How would you feel if you knew that the Creator has made a promise to never leave humanity alone and send Divine Educators to guide us, Baha’u’llah being the most current one? And what if He provided means to guarantee the unity of His followers — an eternal Covenant.
To honor this unique Baha’i Holy Day, this Monday evening, Nov 25, a Baha’i family in Arlington will host a fireside discussion on the Covenant of Baha’u’llah. Please join us for what promises to be an informative and engaging evening.
Two days later, on Wednesday evening, Nov 27, another community member will host a commemoration of the Ascension of Abdu’l-Baha with a diverse program including devotions and the Arlington premiere of a historic documentary about the journey of the Son of Baha’u’llah to North America.
Please contact us if interested in joining us for either of these inspiring events.
As Baha’is around the world prepare to celebrate the anniversary of the birth of Baha’u’llah, the founder of the Baha’i Faith, the Baha’is of Arlington County are getting ready for a celebration which will include a potluck dinner, live music, puppet theater, and a devotional program. The celebration will take place at 6 pm on Monday, November 11th, 2013 at the historic Carlin Hall at 5711 4th Street South, Arlington, VA 22204 and is open to all.
Using the arts in celebrating the Birth of Baha’u’llah
Baha’u’llah – a title that means The Glory of God – was born Mirza Husayn Ali in 1817 in Tehran, Persia. His son, ‘Abdu’l-Baha, said:
“The Blessed Perfection, Bahá’u’lláh, belonged to the nobility of Persia. From earliest childhood He was distinguished among His relatives and friends. They said, “This child has extraordinary power.” In wisdom, intelligence and as a source of new knowledge, He was advanced beyond His age and superior to His surroundings. All who knew Him were astonished at His precocity.”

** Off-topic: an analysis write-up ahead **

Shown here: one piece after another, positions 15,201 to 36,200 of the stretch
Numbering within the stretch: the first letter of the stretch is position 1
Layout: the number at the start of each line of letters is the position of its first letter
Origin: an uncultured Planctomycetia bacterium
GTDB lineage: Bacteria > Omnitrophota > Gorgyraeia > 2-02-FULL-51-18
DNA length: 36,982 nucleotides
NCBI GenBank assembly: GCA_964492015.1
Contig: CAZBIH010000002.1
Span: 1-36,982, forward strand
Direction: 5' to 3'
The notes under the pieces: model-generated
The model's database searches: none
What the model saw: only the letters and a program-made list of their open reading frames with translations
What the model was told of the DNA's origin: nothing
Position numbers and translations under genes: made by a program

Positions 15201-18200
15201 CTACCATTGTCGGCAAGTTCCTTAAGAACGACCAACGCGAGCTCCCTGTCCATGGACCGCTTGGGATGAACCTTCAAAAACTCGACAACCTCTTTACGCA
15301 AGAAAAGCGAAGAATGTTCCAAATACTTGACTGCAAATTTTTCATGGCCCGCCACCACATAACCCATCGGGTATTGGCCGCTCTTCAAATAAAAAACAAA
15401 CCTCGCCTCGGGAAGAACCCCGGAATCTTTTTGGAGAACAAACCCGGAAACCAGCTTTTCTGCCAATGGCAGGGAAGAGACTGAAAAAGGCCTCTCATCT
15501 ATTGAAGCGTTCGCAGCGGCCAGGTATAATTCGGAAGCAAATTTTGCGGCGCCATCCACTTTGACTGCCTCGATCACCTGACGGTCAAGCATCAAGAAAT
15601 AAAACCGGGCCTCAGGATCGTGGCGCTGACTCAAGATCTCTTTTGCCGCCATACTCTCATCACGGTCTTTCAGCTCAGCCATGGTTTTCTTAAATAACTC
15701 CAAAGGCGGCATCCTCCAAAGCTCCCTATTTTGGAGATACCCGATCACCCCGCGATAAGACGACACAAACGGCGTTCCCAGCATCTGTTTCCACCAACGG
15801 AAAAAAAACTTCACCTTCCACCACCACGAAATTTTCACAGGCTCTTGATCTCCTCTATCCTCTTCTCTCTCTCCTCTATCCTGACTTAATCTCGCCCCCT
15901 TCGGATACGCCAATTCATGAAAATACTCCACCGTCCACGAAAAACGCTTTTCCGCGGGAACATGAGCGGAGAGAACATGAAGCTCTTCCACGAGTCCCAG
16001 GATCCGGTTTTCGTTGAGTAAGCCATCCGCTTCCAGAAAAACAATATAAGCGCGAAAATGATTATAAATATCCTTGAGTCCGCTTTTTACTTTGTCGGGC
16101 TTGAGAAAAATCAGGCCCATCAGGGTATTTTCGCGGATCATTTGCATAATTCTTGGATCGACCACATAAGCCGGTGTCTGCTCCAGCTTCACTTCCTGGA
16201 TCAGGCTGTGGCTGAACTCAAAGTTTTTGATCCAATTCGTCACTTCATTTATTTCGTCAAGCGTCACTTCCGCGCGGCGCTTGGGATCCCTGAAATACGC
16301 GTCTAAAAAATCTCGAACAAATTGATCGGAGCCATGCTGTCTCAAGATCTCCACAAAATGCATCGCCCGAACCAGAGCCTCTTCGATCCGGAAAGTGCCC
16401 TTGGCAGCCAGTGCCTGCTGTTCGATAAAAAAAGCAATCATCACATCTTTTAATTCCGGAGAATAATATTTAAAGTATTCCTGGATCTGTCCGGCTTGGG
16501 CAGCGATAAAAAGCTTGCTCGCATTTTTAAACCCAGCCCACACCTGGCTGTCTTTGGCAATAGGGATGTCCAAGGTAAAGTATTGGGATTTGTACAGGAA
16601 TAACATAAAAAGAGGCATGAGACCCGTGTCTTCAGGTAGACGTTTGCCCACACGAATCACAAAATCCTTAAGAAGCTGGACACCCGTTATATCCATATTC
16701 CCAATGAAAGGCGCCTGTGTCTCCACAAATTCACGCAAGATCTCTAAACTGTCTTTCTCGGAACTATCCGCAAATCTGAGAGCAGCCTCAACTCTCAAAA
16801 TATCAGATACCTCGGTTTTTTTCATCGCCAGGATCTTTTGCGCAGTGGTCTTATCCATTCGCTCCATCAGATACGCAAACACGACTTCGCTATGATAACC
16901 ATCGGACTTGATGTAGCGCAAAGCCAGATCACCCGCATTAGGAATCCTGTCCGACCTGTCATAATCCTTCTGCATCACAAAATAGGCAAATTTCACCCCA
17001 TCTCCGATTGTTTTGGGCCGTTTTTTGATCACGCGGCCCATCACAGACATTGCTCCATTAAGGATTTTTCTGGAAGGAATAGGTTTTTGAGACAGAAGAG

~‘Abdu’l-Baha, Promulgation of Universal Peace
In one His tablets addressing the rulers of the world, Baha’u’llah recounts a story from His childhood in which seeing a puppet show of a grand display of the might and power of the ruling elite made Him reflect on the insignificance of earthly power and might.
Baha’u’llah eschewed a life of privilege, instead dedicating all His efforts to guiding humanity towards the establishment of a spiritual civilization and universal peace. In this — the goal of the Baha’i Faith — the arts have an essential and fascinating role to play. Bahá’ís believe the arts are not at the periphery of our existence but rather are at the very heart of it.
May we all, through community building and the use of the arts celebrate this Holy Day in exaltation!
“Arts, crafts and sciences uplift the world of being, and are conducive to its exaltation.”
A picnic-gathering of Bahá’ís in northern Virginia to celebrate the Birth of the Báb, the Herald Prophet of the Bahá’í Faith, will be held on Sunday, October 20, from 12:00 noon to 4:00 pm at the Cherry Hill Park in Falls Church, VA.
The Holy Day program including music, prayers and readings, storytelling around the firm, and children’s activities, will begin at 2:00 pm. Hot dogs will be provided; bring food for all to enjoy. Please join us, families and children, one and all!
*The park is located in the 300 block of Park Av.,
one block north of West Broad St.(Route 7), two blocks west of Washington St. (Rte 29)
and behind City Hall and the Community Center
Baha’is around the world learned today that the house in Baghdad occupied by Bahá’u’lláh the founder of the Bahá’í Faith, during his exile and imprisonment there in the mid-nineteenth century, has been destroyed. No further details are immediately available.
After being exiled from Persia (Iran), Bahá’u’lláh and His family lived in Baghdad from 1853 to 1863 until He was furthered exiled to Constantinople, modern-day Istanbul. In His book of laws, He designated His house in Baghdad as a site for pilgrimage for all Bahá’ís, along with the House of the Báb in Shiraz, Iran, which was destroyed in the early years of the Islamic Revolution.
The Bahá’ís of Arlington are deeply distressed to learn that a property of extraordinary religious significance has been destroyed.